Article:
If you’ve spent any time searching online for weight loss info, you’ve likely come across conflicting views on the role carbohydrates (or carbs) play in weight loss. Some tout carbs for their health and weight loss benefits, while others swear them off their plates for good. So, if you’ve ever found yourself confused about how many carbs you need to eat to lose weight, you’re not alone. The truth is, carbs can both support and hinder your weight loss efforts — the key is striking the right balance in your carb intake.

To help us sift through the online noise, we chatted with Destini Moody, RDN, CSSD, LD, a registered dietitian and sports dietitian with Garage Gym Reviews, who weighs in on the carb-weight loss connection, discusses what type of carbs you should consume, and answers how many carbs you need to eat daily to shed pounds.

So whether you’re a high-carb fanatic or someone who avoids carbs like the plague (or somewhere in between), keep reading to find out just how many carbs you should realistically consume for both weight loss and good overall health. And when you’re done, don’t miss these 9 Simple Meal Prep Tips for Faster Weight Loss.

The carb-weight loss connection.

scale weight loss concept, weight loss mistakesscale weight loss concept, weight loss mistakes
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Carbs are often villainized as a primary culprit causing weight gain. However, they’re an essential part of a healthy, balanced diet. According to research, carbs are a significant fuel source for your body, helping optimize exercise performance, which leads to improved weight management. But not all carbs are created equal. Opt for healthy complex carbs from whole grains, legumes, fruits, and vegetables over refined carbs, such as baked goods, sugary treats, and white bread.

“The trick is knowing how to balance carbs in your meals with other macronutrients and choosing carb sources wisely to get all of the nutrition carbs have to offer while managing your calorie intake,” explains Moody.

How many carbs are enough?

There’s no one-size-fits-all approach to carb intake. The latest Dietary Guidelines for Americans recommends most healthy people get about 45 to 65 percent of their daily calories from carbohydrates. Just remember that everyone is unique. Experiment with your carb intake to find the sweet spot that fuels your body while helping you shed those extra pounds.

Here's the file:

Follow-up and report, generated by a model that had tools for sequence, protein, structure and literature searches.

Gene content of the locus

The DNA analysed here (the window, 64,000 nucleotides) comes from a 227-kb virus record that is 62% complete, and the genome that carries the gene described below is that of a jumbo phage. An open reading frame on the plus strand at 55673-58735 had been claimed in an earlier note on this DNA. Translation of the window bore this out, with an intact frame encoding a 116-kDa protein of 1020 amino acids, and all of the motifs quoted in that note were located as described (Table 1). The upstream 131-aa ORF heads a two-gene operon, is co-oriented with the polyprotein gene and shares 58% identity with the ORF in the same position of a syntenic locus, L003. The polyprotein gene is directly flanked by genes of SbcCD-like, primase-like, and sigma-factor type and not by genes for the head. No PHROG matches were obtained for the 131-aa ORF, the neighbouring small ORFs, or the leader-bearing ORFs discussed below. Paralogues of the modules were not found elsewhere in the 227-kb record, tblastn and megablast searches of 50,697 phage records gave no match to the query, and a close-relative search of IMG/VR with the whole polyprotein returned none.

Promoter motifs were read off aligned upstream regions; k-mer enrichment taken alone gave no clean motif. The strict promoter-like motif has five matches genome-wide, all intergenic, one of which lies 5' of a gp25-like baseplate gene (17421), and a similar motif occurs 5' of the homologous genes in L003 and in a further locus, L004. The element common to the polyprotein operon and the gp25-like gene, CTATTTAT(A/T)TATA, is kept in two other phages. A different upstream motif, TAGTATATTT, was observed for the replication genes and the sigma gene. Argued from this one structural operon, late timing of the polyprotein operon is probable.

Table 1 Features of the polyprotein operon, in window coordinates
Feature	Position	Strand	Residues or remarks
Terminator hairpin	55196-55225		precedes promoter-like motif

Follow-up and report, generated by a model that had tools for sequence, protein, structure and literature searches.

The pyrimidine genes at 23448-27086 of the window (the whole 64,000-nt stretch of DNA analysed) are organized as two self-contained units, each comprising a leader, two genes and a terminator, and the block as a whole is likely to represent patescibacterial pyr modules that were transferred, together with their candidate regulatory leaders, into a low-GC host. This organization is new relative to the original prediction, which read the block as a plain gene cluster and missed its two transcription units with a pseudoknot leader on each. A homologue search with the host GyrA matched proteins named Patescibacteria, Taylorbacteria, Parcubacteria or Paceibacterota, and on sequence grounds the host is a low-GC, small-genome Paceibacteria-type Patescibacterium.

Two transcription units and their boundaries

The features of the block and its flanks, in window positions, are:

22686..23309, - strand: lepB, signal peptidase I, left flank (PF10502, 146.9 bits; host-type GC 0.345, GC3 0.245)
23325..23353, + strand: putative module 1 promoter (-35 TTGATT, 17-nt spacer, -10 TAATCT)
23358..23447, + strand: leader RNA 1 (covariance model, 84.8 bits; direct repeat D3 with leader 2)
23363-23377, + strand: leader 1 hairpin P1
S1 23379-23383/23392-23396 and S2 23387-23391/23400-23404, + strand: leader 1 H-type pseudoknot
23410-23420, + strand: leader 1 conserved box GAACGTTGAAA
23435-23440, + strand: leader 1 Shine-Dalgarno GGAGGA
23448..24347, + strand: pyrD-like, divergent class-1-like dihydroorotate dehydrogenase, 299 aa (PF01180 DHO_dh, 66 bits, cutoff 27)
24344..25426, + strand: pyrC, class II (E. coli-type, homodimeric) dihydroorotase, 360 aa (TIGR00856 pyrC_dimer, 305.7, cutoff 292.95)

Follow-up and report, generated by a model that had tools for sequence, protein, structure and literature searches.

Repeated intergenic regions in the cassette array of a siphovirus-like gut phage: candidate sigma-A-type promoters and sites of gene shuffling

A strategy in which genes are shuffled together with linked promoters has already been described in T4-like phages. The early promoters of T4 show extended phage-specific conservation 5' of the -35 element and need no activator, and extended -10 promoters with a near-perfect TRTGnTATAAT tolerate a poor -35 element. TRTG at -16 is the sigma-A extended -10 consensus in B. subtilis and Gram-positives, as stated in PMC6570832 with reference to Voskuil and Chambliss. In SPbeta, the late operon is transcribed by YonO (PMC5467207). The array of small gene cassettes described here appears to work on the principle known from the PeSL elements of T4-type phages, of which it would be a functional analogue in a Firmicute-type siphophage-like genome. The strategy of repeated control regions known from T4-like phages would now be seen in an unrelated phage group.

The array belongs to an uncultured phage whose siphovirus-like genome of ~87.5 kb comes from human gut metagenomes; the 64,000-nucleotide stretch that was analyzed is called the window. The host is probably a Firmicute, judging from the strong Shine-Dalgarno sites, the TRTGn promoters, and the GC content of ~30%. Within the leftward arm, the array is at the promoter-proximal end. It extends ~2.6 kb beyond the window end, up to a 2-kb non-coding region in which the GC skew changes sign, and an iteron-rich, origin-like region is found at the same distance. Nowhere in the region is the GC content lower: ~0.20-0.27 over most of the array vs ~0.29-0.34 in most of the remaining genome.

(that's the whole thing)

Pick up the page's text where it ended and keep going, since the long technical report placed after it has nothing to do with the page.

Moody tells us, “If you consume 2,000 calories daily, you should consume between 900 and 1,300 calories from healthy carbs. This amounts to approximately 225 to 325 grams of carbs per day. However, carb needs can vary depending on age, physical activity, weight goals, and health state.”

Quality over quantity.

woman eating vegetables big healthy carb saladwoman eating vegetables big healthy carb salad
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Rather than fixating on a specific number of grams of carbs, focus on the quality of your carbs. Processed foods packed with added sugars and refined flours are a no-go. Studies show that these carbs can cause rapid blood sugar spikes and crashes, making weight loss an uphill battle.

“If you want to lose weight, choose complex carbs that are high in fiber, minimally processed, and don’t contain added sugars,” recommends Moody.

Examples of healthy carbs that are slower to digest and provide longer-lasting energy include:

  • whole grains like oats, whole wheat, and brown rice
  • legumes such as beans, lentils, and tofu
  • low-glycemic index fruits like berries, apples, and oranges

Moody adds, “To stay on track with hunger control, focus on high-fiber, low-glycemic fruits when trying to lose weight. For better blood sugar control and appetite control, always choose fruits with a high glycemic index combined with a fat or protein source.”

Don’t overconsume carbs.

Whether it’s carbs, fats, or proteins, overeating any macronutrient can lead to weight gain. Research suggests that practicing portion control is an effective way to maintain a healthy weight. So, be mindful of portion sizes and listen to your body’s hunger cues.

It’s better to have a well-balanced, moderate portion of carbs than to cut them out completely. Total exclusion can lead to nutrient imbalances and intense cravings, making it challenging to stick to a sustainable weight loss plan.

“Too much of any one food can be harmful in various ways, which is why dietitians promote balanced diets that include all food groups in moderation,” says Moody. “The only time you can eat too many carbs is if your intake causes a displacement of other important foods in your diet, such as lean proteins and healthy fats.”



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